Yellen's Emerging Markets Bear Trap
Be on the lookout for a quick run-up in the prices of emerging-market assets, courtesy of Janet Yellen. Bears, not bulls, will drive this rally, though. Much of the gains will be triggered by investors paring bets against developing nations.
The March fund manager survey of Bank of America Merrill Lynch concluded that the three most crowded trades were shorting emerging markets and oil while betting on a stronger dollar. All three are now in danger and anyone who still is in that position will probably try to get out while they can. The survey's answers were received in early March, so the 13 percent rally this month in Brent futures, the 2.5 percent drop in the trade-weighted dollar basket and the 8.7 percent gain in the MSCI Emerging Markets stock index may be partly explained by a reversal of these trades.
Given that bond traders were pricing in a more hawkish Federal Reserve stance, any shorts left out there will be running for cover now that the U.S. central bank has scaled back forecasts for higher interest rates. That could mean another leg up, especially for emerging market assets, which benefit doubly from a weaker dollar and rising commodity prices.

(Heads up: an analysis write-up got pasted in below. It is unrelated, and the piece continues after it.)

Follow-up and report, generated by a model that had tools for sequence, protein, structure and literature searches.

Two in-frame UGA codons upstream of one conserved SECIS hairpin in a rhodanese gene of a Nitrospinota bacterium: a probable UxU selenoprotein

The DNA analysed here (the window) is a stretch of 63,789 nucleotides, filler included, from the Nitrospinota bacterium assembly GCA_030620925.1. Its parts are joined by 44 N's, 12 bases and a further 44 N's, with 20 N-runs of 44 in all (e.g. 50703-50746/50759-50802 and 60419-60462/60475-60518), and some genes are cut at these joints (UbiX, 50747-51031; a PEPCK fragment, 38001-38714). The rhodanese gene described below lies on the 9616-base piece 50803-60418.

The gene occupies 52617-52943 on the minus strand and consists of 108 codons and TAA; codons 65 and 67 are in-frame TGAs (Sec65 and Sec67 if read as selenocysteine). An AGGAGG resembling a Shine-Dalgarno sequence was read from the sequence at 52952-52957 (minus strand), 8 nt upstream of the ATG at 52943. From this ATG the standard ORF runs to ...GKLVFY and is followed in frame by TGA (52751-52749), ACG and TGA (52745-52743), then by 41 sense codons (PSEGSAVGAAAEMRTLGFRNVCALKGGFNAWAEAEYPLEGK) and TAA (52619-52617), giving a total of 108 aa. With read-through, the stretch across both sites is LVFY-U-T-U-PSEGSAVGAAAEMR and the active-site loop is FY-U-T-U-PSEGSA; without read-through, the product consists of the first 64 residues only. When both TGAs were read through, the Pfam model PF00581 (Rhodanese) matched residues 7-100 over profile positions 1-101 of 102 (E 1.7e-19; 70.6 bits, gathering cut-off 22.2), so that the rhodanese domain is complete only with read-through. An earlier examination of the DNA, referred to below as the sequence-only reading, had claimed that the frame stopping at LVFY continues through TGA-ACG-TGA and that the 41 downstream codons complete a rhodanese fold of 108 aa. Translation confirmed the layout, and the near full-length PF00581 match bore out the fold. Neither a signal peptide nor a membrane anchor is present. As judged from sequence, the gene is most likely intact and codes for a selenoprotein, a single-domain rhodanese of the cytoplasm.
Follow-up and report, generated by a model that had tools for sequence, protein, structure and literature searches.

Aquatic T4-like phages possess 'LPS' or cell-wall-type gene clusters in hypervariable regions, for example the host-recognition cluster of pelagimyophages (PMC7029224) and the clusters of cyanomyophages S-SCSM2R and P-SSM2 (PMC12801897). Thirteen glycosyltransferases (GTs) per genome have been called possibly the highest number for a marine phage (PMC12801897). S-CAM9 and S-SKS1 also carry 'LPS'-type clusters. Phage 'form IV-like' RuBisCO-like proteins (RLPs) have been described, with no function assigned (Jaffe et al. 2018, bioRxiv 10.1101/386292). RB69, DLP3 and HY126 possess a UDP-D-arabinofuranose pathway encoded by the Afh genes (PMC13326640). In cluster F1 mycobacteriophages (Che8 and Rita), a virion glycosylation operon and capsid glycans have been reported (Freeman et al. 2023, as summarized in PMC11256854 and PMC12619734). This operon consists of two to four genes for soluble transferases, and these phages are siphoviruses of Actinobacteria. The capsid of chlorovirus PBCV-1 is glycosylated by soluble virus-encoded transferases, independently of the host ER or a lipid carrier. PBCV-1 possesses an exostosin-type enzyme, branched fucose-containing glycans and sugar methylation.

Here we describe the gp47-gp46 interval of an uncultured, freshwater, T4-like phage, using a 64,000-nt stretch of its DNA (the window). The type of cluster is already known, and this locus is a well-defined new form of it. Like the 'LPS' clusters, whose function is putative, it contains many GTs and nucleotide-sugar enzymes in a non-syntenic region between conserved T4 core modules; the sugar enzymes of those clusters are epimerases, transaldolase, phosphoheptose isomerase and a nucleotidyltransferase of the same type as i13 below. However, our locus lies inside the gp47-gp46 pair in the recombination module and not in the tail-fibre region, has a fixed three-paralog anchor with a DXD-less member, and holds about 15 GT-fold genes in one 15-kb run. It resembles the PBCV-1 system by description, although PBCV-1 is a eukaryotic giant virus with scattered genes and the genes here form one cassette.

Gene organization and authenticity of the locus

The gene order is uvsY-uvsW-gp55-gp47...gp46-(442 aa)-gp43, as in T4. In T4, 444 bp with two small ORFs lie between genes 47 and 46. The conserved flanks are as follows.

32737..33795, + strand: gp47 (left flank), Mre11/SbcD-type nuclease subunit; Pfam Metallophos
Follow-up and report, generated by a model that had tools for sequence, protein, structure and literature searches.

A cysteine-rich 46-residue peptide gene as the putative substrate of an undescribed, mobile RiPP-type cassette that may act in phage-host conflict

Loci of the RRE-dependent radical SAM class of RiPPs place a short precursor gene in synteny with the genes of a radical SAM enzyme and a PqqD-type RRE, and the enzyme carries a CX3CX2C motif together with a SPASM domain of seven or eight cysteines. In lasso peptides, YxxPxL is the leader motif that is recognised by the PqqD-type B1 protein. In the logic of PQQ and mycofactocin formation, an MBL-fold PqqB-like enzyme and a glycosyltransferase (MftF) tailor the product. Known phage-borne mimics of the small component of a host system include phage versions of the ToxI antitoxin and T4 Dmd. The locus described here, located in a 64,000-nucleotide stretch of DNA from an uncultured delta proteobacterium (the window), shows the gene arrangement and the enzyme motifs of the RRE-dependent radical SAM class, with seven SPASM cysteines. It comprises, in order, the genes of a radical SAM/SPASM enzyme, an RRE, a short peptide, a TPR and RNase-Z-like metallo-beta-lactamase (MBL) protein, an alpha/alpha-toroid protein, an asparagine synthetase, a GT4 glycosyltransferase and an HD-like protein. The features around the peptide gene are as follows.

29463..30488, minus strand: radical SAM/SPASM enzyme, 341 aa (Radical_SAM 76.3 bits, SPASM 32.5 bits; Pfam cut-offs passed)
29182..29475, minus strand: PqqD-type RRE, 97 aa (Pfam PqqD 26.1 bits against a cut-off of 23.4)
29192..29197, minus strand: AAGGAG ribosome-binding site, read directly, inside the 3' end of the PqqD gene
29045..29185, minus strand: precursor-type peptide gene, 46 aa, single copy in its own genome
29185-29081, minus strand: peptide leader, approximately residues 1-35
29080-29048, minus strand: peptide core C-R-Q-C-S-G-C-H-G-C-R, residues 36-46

Adding fuel to the fire are the high cash balances held by funds as of March. On average, funds had 5.1 percent of their assets in cash, down from 5.6 percent in February but still higher than usual, according to the Merrill Lynch survey. With the end of the quarter approaching, portfolio managers will be hard pressed to catch the rally in time to show positive performance for the reporting period. They can't afford to sit on cash which, in some markets, earns negative interest rates.
So while it may be full power ahead and risk on today, that's simply because Fed Chair Yellen's dovish tone has forced a reassessment of bearish expectations. Whether this will translate into a sustainable bull market for emerging-market assets isn't clear. Some analysts have started to argue that the asset class is cheap and too under-weighted after what has effectively been a five-year bear market punctuated by the occasional rally.
The MSCI Emerging Markets index is down 33 percent from the high it touched on May 2, 2011. It's also 16 percent below the average of the past 10 years. That decade, however includes the bubbly 2007-2008 period leading to the global financial crisis, so the average could be skewed. At a trailing price-to-earnings ratio of 12.8 and a forward P/E of 12 times, the index's value metrics are in line with historical levels and not necessarily cheap.
Growth is slowing across the developing world, led by China. Not to mention that leverage is nearing its limits. Meanwhile, if Yellen can afford to be so tranquil about future inflation, it means the U.S. economy isn't expanding at a runaway pace. A slowing U.S., the main growth engine for the world economy, is hardly bullish for emerging-market stocks.
Investors should keep in mind that near-term gains don't always translate into long-term profits.
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